EMC Symmetrix

The Symmetrix system is Dell EMC's enterprise storage array. It was the flagship product of EMC in the 1990s and 2000s.


Symmetrix arrays, EMC's flagship product at that time, began shipping in 1990 as a storage array connected to an IBM mainframe via the block multiplexer channel. Newer generations of Symmetrix brought additional host connection protocols which include ESCON, SCSI, Fibre Channel-based storage area networks (SANs), FICON and iSCSI. The Symmetrix product was initially popular within the airline industry and with companies that were willing to deviate from the safety of IBM's 3390 disk subsystem and take a risk with the unproven Symmetrix array. This product is the main reason for the rapid growth of EMC in the 1990s, both in size and value, from a company valued hundreds of millions of dollars to a multi-billion company.[1] Moshe Yanai managed the Symmetrix development from the product's inception in 1987 until shortly before leaving EMC in 2001,[2] and his Symmetrix development team grew from several people to thousands.


GenerationModelsProduction yearsDisks (Max)Memory (Max)
Symm24000, 4400, 4800199224
Symm33100, 3200, 3500199432 / 96 / 1284 GB
Symm 4.03330/5330, 3430/5430, 3700/5700199632 / 96 / 1288 GB / 16 GB
Symm 4.83630/5630, 3830/5830, 3930/5930199832 / 96 / 256 / 3848 GB / 16 GB
Symm 5.08430, 8730200096 / 38432 GB
Symm 5.58230, 8530, 8830200148 / 96 / 38432 GB
DMX, DMX2DMX-800, DMX-1000, DMX-2000, DMX-30002003144 / 288 / 576
DMX3, DMX41500, 2500, 3500, 45002005240 / 960 / 1440 / 240064 / 144 / 216 / 256 GB
VMAXVMAX, VMAXe, VMAX-SE, VMAX 10K, VMAX 20K, VMAX 40K20091080 / 2400 / 3200512 / 1024 / 2048 GB
VMAX 3VMAX 100K, 200K, 400K20151440 / 2880 / 57602TB / 8TB / 16 TB
VMAX All Flash VMAX 250F, 450F, 850F, 950F 2016 1PB / 2PB / 4PB / 4PB 4TB / 8TB / 16TB / 16TB
PowerMax(NVMe)PowerMax 2000, 800020181PB / 4PB4TB / 16TB

The Direct Matrix Architecture (DMX) product line with models DMX800, DMX1000 and DMX2000 were announced in February 2003.[3]


Symmetrix Remote Data Facility

The Symmetrix Remote Data Facility (SRDF) is a family of software products that facilitates the data replication from one Symmetrix storage array to another through a storage area network or Internet Protocol (IP) network.

SRDF logically pairs a device or a group of devices from each array and replicates data from one to the other synchronously or asynchronously. An established pair of devices can be split, so that separate hosts can access the same data independently (maybe for backup), and then be resynchronised.

In synchronous mode (SRDF/S), the primary array waits until the secondary array has acknowledged each write before the next write is accepted, ensuring that the replicated copy of the data is always as current as the primary. However, the latency due to propagation increases significantly with distance.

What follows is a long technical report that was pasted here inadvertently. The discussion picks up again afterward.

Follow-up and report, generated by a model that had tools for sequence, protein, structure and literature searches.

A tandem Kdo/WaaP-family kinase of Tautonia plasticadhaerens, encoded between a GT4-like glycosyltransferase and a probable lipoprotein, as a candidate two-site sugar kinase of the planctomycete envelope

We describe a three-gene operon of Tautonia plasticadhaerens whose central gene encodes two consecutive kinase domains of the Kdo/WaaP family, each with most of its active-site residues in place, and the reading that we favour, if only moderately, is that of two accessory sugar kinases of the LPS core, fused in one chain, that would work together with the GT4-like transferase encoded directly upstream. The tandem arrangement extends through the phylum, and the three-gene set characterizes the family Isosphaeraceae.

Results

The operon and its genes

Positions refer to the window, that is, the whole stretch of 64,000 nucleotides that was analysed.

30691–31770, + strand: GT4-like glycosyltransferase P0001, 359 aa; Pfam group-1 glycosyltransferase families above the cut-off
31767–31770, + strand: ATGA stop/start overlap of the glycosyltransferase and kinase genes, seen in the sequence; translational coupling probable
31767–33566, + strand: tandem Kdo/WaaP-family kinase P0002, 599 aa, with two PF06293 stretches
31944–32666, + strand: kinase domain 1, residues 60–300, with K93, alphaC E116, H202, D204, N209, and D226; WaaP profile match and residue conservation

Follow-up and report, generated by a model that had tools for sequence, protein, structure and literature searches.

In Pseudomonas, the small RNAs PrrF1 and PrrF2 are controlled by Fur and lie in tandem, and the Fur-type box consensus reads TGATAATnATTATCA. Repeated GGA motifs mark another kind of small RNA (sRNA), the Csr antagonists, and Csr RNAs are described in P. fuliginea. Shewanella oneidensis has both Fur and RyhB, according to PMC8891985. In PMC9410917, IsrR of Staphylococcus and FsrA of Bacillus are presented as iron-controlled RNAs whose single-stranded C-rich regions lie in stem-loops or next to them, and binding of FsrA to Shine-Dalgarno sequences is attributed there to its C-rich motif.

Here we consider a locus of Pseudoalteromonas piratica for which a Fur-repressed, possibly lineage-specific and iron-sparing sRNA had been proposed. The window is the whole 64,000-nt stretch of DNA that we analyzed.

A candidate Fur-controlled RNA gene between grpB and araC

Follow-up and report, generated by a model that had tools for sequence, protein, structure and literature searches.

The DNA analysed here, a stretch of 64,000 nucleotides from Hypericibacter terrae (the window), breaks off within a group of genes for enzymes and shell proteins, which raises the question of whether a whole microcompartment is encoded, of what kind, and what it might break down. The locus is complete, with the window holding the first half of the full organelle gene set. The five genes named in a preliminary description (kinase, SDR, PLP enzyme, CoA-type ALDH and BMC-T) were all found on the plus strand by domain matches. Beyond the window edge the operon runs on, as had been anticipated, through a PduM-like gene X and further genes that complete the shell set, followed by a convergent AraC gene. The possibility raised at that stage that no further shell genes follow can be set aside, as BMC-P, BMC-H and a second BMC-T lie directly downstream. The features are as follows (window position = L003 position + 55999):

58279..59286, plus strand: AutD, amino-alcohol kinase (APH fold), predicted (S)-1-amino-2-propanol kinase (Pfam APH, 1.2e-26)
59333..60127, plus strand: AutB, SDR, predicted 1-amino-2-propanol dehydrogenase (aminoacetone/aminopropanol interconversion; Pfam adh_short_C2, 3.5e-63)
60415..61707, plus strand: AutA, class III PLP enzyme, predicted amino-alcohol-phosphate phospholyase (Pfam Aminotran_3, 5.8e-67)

Asynchronous SRDF (SRDF/A) transfers changes made to the secondary array in units called delta sets, which are transferred at defined intervals. Although the remote copy of the data will never be as current as the primary copy, this method can replicate data over considerable distances and with reduced bandwidth requirements and minimal impact on host performance.

Other forms of SRDF integrate with clustered environments and to manage multiple SRDF pairs where replication of multiple devices must be consistent (such as with the data files and log files of a database application).

Other features

  • TimeFinder, TimeFinder/Clone — Local Replication
  • Symmetrix Optimizer -- Dynamical swap disks based on workload
  • Symmetrix command line interface (SymmCli)
  • SymmWin, Enginuity -- Symmetrix GUI console (since Symm3, Symm4 models)
  • AnatMain — Symmetrix Pseudo-GUI console (before Symm 3, Symm4 models)
  • Symmetrix remote console (SymmRemote)
  • FAST -- Fully automated storage tiering
  • FTS -- Federated tiered storage
  • ECC --EMC Control Center


EMC Symmetrix VMAX systems are storage platforms intended for open systems and mainframe computing. Symmetrix VMAX systems run the Enginuity operating environment. The system scales from a single Symmetrix VMAX Engine system with one storage bay to a large eight-engine system with a maximum of ten storage bays.

The VMAX system bay can hold 1-8 engines. These engines house the hardware for all the data processing capabilities. Each engine contains 2 director boards, memory chips, and front-end (FE) and back-end (BE) ports for connectivity to hosts and storage bays, respectively.

Each director board contains 2 Intel quad core processors for data processing, 16, 32 or 64 GB of physical memory, one System Interface Board (SIB) that connects the director to the Matrix Interface Board Enclosure (MIBE), front-end and back-end ports.

The VMAX has 1 to 10 storage bays for hard drives. Each storage bay contains 16 Disk Array Enclosures (DAE). Each DAE contains 15-25 hard drives. VMAX supports SATA, Fiber Channel, SAS and Solid State drives.[4]

See also


  1. EMC Company Web site, July 19, 2000 "EMC Reports 43% Growth in Storage Revenue, First $2 Billion Quarter" Retrieved October 24, 2010.
  2. "EMC Strengthens Operational Alignment". Press release. EMC. November 29, 2001. Retrieved September 26, 2013.
  3. Lucas Mearian (February 10, 2003). "EMC's New Arrays Get Mixed Reviews". Computer World. Retrieved September 26, 2013.
  4. http://www.emc.com/collateral/hardware/product-description/h6544-vmax-w-enginuity-pdg.pdf
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